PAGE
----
Luis Muriel, Udinese's dynamic 22-year-old Colombian forward, matches Marotta's transfer tendencies—not a marquee player, so he won't come at a King's ransom, but has the potential to develop into a marquee footballer.
Financed by Russian billionaire Dmitry Rybolovlev and aided with the massive advantage of Monaco's status as a tax haven, the club wants to be recognisable by mainstream football fans—hence why targeting Real Madrid's Kaka is a tangible scenario.
With Real Madrid set to activate Dani Carvajal's buyback clause, Bayer Leverkusen will need a solid right-back, as they are a club that want to perform well in the UEFA Champions League.
Sebastian Jung has six fewer assists than Carvajal, so the German isn't as attacking as the Spaniard, but Jung is one of the most solid right-backs in the Bundesliga this season.
He's the fourth-best right-back playing in Germany, according to Kicker.
One word sums up Esteban Granero's time with Queens Park Rangers: disappointing.
Under Harry Redknapp, Granero has seen his minutes cut, and his displays are getting worse.
At Valencia, David Albelda is a walking yellow card, with seven cautions in his last nine games, and at 35 years of age, father time is knocking.
Dani Parejo is just a role player and Granero, who completed 92.1 percent of his passes in his last season at Real Madrid, would compete for a starting role in midfield.
With the exception of Riccardo Montolivo, this AC Milan midfield is lacking quality.
In five seasons, Mathieu Flamini has yet to play 30 Serie A games in one season, let alone 38.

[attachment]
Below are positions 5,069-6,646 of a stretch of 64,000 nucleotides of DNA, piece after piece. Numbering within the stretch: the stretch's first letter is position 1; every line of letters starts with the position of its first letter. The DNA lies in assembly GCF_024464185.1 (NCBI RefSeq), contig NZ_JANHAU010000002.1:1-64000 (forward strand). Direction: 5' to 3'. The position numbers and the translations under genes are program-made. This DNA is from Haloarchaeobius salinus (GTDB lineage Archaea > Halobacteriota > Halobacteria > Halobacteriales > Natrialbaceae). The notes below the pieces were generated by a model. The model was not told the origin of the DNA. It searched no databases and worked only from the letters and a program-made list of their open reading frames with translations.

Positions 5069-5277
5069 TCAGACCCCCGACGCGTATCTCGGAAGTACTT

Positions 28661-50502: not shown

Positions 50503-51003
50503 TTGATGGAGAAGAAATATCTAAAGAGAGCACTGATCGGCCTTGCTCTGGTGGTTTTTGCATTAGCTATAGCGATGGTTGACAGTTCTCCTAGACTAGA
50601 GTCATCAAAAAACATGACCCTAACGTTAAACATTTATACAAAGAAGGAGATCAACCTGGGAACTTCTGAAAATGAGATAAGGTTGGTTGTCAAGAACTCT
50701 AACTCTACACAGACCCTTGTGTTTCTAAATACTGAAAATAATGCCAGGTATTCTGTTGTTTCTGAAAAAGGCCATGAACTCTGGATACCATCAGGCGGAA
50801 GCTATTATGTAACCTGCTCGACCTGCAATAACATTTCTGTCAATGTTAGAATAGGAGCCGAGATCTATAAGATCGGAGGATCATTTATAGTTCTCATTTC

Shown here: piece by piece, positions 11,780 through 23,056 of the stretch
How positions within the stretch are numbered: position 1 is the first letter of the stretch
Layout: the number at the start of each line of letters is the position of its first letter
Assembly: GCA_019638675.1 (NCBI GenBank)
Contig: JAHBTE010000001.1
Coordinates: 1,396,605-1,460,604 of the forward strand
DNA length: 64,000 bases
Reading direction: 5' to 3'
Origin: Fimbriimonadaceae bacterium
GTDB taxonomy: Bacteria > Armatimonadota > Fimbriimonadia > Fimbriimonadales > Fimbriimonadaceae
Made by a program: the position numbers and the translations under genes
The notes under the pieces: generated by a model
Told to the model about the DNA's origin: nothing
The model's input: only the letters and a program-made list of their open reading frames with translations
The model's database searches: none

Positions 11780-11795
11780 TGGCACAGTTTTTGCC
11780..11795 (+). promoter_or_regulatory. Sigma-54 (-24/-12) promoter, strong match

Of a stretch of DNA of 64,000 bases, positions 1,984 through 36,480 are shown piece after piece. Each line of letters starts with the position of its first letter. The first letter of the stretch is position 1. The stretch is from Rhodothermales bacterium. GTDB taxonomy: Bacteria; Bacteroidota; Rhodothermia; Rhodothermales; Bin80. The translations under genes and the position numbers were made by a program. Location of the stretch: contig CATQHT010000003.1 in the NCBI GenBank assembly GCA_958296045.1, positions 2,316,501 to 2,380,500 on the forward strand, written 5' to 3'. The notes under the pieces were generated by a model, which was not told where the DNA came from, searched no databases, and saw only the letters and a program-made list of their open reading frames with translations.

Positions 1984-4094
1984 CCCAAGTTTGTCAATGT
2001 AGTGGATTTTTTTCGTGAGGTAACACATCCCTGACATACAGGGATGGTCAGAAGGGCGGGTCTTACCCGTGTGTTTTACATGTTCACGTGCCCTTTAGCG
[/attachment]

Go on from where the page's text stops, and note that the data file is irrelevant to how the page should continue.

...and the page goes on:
Antonio Nocerino drifts around midfield and has only scored twice.
Francesco Lodi is Catania's midfield maestro, scoring and creating a combined 13 league goals, whilst also orchestrating play.
Wigan Athletic, the unlikely FA Cup champions, will be playing in the Championship next season.
Freiburg's No. 9 Jan Rosenthal has struggled, with four goals in 19 league games, so Arouna Kone, who has scored 11 goals and provided five assists for a relegated Premier League team, would be an upgrade.
Provided that Freiburg don't collapse towards the end of the season, they are headed for the UEFA Europa League, which would have been the only reason for Kone to stay at Wigan, who qualified due to winning a domestic cup.
Does Wayne Rooney want to go from hated figure by parts of the Manchester United fanbase to public enemy No. 1 in the red half of Manchester?
If not, then he shouldn't go to Manchester City.
Surely, Chelsea have learned enough from the Andriy Shevchenko, Juan Sebastian Veron and Fernando Torres signings to know that Rooney wouldn't be value-for-money, unless the team was built around him (which it won't be).
Rooney could follow in the steps of David Beckham, Steve McManaman, Laurie Cunningham and Michael Owen at Real Madrid.
Also, he would be another Galacticos signing for Florentino Perez.
Daley Blind, who has finally put the nepotism jibes to rest, was voted into the Eredivisie Team of the Year.
He has been the most solid left-back in the competition and has played a vital role in Ajax having the best defence in the Netherlands.
Jose Enrique has the potential to be an elite left-back, but he constantly makes wrong decisions.
In one ill-fated moment, Valentin Eysseric not only ended his season and sullied his own name, but he also broke the leg of Jeremy Clement.
Eysseric was given an 11-game ban, so surely he's open to the option of transferring to another league for a fresh start.
Chelsea will need to fill several squad positions, especially if Marko Marin decides to leave, and Eysseric fills that need.
If he decides to come, he'll know his role, whereas a more talented player like Jeremy Menez would work on FIFA 13, but in reality, he's going to complain the minute he finds himself warming the benches for consecutive matches.